By: Vito Petraglia
Over the weekend, the open air prostitution market was back in business in Brooklyn. The brazen enterprise elicited little response from law enforcement, despite last week’s front page expose by the NY Post slamming the operation.
As per the Post, over the past few months, the four-block industrial stretch of Brooklyn has seen women dressed in what resembles revealing bathing suits, overseen by pimps sitting in nearby fancy cars. The scantily -dressed women have been stopping cars, openly approaching motorists, and sometimes riding off with the strangers. The exact location of the new market is being withheld. While there was a NYPD patrol car stationed nearby, little was done by the cops to hinder the commerce, nor did it seem like there would be any arrests. “Come on, move!” one cop said over his patrol car’s loudspeaker to a woman wearing just a bra and thong. “Keep moving, let’s go!” came another message from an NYPD vehicle encircling the area, where about a dozen gentlemen in vehicles waited for their turn for the pitch of a woman walking from car to car along the block. The cop’s announcement seemed to make no impact.
A few of the cops told the Post, that there would be little point in arresting the women , as they would not be prosecuted by the office of Brooklyn District Attorney Eric Gonzalez, who shifted against prosecuting prostitution cases as of 2019. The NYPD insiders said the department is rather targeting the pimps, in hopes of weaken the industry.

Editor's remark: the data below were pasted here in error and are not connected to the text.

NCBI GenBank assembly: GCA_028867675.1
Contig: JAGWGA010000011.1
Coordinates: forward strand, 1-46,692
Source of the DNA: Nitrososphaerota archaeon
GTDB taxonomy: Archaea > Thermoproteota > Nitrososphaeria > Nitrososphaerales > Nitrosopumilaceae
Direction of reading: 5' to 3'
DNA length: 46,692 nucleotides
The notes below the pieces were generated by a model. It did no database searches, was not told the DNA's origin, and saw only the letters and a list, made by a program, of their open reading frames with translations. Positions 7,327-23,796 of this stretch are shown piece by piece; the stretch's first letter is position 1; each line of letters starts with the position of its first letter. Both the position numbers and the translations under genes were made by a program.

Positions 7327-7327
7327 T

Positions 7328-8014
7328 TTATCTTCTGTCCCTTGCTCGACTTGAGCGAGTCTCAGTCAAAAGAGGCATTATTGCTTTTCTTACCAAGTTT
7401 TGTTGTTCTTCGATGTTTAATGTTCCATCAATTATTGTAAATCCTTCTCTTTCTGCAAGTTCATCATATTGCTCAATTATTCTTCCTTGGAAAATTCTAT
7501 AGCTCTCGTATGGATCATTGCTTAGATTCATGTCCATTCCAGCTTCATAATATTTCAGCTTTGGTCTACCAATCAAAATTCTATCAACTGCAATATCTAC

In a statement, an NYPD spokesperson told the post that the department has been working with city prosecutors and outreach groups to offer the women help as an alternative to prosecution. “The Commanding Officer of the 75th Precinct is aware of and working to address the condition. Included in these efforts are the 75th Precinct Neighborhood Coordination Officers working with outreach groups in order to connect women with resources including mental health services, educational services, housing services and employment services,” the statement said. “In collaboration with the Mayor’s Office of Criminal Justice and the City’s five district attorneys, we have refocused our investigation efforts to cases involving sex trafficking, indentured servitude, and the exploitation of children. We have worked with the District Attorneys, the courts and non-profit organizations to offer them programs as an alternative to prosecution,” it added.
On Sunday a spokesman for the Brooklyn DA’s office said the office has hardly rejected many prostitution cases this year, and suggested the Post reporter to “direct the question to the NYPD, which, based on your reporting, have stopped making arrests.”